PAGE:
Local History

Extreme Weather, Winter 1927/28

What was it like to live in St. Mary Bourne in Winter? This post looks at the Winter of 1927/28 one of the known winters with extreme weather. Being in the South of England extreme snow is not a regular occurrence, but for this winter it’s where the story starts.

A blizzard occurred over Christmas in 1927, the consequences of which are told here through contemporary newspaper reports & a photograph from nearby locations as well as a short video taken elsewhere in England.

The story then continues within the village of St. Mary Bourne told through photographs taken in the village at the time (most likely by Alfred Cook the local photographer) showing the floods in the village and also another newspaper clipping.

Blizzard Christmas 1927

1927-28: Snow fell mid December in England and Wales, and on Christmas day through Boxing day, a blizzard raged in Southern England, from Kent to Cornwall. 1-2ft of snow fell, with 20ft drifts on Salisbury Plain! Christmas day must have been phenomenal! Snow fell mid March in the East. Very Snowy.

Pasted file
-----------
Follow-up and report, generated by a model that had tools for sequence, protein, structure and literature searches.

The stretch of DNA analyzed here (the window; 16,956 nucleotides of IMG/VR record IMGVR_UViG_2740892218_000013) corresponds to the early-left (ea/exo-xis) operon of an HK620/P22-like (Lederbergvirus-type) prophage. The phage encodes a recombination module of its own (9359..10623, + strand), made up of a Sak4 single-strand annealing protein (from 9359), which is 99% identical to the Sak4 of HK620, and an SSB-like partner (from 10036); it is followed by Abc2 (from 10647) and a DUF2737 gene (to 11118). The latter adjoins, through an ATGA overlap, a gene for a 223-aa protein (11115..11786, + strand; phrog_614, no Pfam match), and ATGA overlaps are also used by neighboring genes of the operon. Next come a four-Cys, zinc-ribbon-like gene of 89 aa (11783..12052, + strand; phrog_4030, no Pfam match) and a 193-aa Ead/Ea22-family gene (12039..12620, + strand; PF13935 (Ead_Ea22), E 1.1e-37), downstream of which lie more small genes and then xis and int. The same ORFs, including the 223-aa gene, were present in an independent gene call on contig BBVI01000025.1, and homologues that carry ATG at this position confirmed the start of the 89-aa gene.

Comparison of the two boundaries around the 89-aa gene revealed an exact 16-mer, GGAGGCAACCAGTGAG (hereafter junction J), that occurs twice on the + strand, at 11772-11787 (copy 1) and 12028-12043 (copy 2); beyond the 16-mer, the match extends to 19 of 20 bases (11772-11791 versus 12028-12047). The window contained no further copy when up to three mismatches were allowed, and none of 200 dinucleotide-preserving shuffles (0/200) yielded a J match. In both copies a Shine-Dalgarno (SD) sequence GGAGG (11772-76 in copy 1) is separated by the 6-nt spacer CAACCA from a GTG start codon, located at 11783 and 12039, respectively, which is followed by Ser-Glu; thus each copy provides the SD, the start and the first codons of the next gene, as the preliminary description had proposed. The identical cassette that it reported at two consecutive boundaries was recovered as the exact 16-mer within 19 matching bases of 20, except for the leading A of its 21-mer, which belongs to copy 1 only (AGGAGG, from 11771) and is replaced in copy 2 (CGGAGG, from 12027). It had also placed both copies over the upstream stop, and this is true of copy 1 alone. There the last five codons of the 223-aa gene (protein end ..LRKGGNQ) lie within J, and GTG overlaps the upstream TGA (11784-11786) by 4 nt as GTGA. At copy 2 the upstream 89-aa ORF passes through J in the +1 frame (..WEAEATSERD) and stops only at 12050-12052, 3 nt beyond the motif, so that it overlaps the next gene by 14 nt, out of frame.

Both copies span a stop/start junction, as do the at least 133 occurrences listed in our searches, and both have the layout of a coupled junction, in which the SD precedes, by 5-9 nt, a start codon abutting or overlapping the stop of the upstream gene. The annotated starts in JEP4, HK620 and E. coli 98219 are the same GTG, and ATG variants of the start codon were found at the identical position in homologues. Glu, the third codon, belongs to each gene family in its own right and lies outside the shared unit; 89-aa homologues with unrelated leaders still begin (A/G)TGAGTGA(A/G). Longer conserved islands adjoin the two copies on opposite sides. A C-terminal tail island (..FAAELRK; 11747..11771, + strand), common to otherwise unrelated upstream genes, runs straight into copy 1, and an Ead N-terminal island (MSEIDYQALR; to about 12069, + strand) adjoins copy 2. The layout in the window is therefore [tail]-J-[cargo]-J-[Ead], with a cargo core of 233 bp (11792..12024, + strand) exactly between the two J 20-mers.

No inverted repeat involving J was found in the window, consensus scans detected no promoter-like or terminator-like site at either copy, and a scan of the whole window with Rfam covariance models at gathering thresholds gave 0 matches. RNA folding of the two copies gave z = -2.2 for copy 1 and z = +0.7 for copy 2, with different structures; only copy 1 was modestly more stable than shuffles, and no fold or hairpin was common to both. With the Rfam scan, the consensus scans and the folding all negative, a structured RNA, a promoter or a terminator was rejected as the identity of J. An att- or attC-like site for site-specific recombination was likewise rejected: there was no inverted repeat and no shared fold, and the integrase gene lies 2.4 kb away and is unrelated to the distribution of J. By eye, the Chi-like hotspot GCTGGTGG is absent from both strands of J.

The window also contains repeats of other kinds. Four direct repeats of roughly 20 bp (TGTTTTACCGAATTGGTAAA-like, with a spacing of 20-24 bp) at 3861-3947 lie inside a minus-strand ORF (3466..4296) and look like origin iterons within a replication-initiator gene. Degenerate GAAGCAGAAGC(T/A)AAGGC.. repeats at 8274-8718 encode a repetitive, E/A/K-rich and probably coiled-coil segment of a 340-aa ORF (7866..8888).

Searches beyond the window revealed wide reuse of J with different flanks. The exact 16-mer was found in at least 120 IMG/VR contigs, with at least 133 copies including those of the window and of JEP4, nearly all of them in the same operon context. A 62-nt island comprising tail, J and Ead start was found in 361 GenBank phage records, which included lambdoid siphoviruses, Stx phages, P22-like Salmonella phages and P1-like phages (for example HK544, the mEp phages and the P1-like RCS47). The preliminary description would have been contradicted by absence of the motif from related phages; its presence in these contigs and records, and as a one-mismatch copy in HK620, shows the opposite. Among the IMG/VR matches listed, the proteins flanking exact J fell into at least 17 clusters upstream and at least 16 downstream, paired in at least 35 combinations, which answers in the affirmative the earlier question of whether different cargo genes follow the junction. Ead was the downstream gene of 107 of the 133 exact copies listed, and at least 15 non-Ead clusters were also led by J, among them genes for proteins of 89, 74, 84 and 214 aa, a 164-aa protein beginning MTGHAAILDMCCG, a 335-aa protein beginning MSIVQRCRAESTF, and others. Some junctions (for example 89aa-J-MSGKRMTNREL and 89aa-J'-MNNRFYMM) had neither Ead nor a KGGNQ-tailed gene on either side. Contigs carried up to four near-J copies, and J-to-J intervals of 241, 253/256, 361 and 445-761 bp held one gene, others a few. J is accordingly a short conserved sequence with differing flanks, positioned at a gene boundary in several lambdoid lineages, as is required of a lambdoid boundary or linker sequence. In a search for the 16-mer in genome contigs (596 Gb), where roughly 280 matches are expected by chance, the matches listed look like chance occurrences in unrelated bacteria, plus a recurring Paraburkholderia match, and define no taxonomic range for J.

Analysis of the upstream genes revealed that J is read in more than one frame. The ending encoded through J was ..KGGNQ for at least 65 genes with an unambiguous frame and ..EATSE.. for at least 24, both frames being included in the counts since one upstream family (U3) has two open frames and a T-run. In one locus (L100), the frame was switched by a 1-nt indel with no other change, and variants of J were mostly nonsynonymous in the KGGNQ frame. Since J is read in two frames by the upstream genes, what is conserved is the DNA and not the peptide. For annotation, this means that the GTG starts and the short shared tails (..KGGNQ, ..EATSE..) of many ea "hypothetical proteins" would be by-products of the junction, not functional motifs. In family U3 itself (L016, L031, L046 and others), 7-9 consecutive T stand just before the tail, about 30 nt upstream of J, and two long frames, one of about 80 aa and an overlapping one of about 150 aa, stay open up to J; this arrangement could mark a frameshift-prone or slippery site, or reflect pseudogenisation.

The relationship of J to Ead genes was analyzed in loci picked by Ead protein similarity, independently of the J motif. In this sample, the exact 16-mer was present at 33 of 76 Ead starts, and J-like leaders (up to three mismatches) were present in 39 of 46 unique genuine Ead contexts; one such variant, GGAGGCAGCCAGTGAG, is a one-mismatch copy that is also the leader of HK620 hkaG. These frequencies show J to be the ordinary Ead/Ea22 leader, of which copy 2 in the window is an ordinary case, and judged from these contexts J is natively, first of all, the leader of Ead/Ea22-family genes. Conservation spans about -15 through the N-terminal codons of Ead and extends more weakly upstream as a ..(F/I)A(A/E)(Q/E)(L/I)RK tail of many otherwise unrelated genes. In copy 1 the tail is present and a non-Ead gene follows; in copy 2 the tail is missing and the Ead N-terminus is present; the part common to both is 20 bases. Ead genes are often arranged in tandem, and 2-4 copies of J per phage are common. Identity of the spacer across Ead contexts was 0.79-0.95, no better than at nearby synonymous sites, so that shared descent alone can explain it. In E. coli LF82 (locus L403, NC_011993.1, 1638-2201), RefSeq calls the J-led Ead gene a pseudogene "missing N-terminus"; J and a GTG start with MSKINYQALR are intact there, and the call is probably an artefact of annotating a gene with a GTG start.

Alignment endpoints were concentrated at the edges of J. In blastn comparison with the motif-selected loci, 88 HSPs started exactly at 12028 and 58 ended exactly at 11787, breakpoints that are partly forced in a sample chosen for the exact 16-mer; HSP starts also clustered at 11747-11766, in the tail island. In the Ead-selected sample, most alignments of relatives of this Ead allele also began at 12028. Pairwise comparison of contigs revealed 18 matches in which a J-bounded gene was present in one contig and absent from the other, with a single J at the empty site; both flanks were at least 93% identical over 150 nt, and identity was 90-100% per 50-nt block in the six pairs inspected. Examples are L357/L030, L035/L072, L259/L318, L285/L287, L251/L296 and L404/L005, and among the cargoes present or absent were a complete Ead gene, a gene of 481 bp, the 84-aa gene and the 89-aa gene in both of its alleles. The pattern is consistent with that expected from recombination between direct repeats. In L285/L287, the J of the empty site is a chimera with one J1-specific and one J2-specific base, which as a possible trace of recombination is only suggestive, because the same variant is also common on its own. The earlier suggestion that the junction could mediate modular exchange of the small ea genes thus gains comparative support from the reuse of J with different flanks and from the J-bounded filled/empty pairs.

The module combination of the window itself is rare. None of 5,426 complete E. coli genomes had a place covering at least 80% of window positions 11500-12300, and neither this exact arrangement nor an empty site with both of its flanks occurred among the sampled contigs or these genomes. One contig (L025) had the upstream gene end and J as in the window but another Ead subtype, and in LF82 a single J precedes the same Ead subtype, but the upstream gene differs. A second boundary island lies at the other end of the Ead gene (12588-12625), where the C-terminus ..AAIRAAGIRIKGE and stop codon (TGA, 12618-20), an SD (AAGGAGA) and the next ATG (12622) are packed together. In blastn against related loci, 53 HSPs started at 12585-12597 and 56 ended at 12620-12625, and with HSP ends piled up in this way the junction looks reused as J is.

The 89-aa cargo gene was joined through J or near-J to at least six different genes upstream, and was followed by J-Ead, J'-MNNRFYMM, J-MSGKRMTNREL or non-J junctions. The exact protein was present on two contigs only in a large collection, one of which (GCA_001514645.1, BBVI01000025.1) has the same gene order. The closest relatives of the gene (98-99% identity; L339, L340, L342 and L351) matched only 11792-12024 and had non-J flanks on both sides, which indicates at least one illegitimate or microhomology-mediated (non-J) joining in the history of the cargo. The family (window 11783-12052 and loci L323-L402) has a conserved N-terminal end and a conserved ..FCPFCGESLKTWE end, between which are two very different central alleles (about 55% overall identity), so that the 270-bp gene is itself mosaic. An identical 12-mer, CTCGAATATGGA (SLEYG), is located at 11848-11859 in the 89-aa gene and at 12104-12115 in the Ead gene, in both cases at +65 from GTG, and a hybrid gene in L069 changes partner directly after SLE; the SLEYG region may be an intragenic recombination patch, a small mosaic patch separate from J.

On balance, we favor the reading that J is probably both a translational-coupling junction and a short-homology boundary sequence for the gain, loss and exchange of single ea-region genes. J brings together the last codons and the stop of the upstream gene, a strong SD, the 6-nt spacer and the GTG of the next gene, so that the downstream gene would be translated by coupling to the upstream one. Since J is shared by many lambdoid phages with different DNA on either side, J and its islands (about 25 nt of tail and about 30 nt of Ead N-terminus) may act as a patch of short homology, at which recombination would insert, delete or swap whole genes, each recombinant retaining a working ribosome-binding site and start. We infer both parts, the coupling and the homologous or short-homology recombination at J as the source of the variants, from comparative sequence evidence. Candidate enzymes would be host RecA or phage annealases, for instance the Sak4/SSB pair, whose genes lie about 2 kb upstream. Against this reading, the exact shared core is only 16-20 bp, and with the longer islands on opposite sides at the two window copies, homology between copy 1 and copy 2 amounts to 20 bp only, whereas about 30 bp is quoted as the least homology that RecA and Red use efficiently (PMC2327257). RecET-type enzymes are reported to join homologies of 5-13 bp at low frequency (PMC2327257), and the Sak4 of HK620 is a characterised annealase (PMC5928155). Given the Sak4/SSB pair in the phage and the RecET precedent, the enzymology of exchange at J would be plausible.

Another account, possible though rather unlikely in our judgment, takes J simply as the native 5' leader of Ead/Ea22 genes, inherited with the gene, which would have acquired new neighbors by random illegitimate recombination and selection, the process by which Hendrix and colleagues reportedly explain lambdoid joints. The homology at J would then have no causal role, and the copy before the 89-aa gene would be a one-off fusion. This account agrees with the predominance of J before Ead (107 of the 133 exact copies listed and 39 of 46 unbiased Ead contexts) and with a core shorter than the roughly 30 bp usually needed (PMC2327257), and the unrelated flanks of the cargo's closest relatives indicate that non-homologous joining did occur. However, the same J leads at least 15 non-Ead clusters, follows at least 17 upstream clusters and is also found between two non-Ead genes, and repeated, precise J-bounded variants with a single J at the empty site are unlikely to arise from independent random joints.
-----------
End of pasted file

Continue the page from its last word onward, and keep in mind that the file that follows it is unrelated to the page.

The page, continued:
The history of British winters1

The newspaper clipping below from Friday 30th December gives a description of the conditions in Overton, Hampshire just 9 miles from the village of St Mary Bourne on Wednesday the 28th. The village is isolated, cut off from those around it. The roads are blocked, a milk lorry stuck in a snow drift. A food shortage is a real concern.

Hampshire Telegraph & Post and Naval Chronicle. 30 December 1927

The parishoners of St. Mary Bourne would have been in a similar position especially those in the smaller hamlets of the parish. The shops were to be found in the villages of Stoke & St. Mary Bourne and the hamlet of Binley, they would have some food in them but not a lot. Accessing what was available would have been far easier for those close by and a huge undertaking for those a mile or two away. At this point in time food was bought fresh daily, it was another 30 years before refrigerators were becoming affordable for most UK households2.

A second clipping, tells how hundreds of inhabitants are assisting with clearing the snow but are without a snow plow. There is real concern for flooding which is exactly what happened a few days later, “the country is between the devil and the deep sea as far as the weather is concerned“.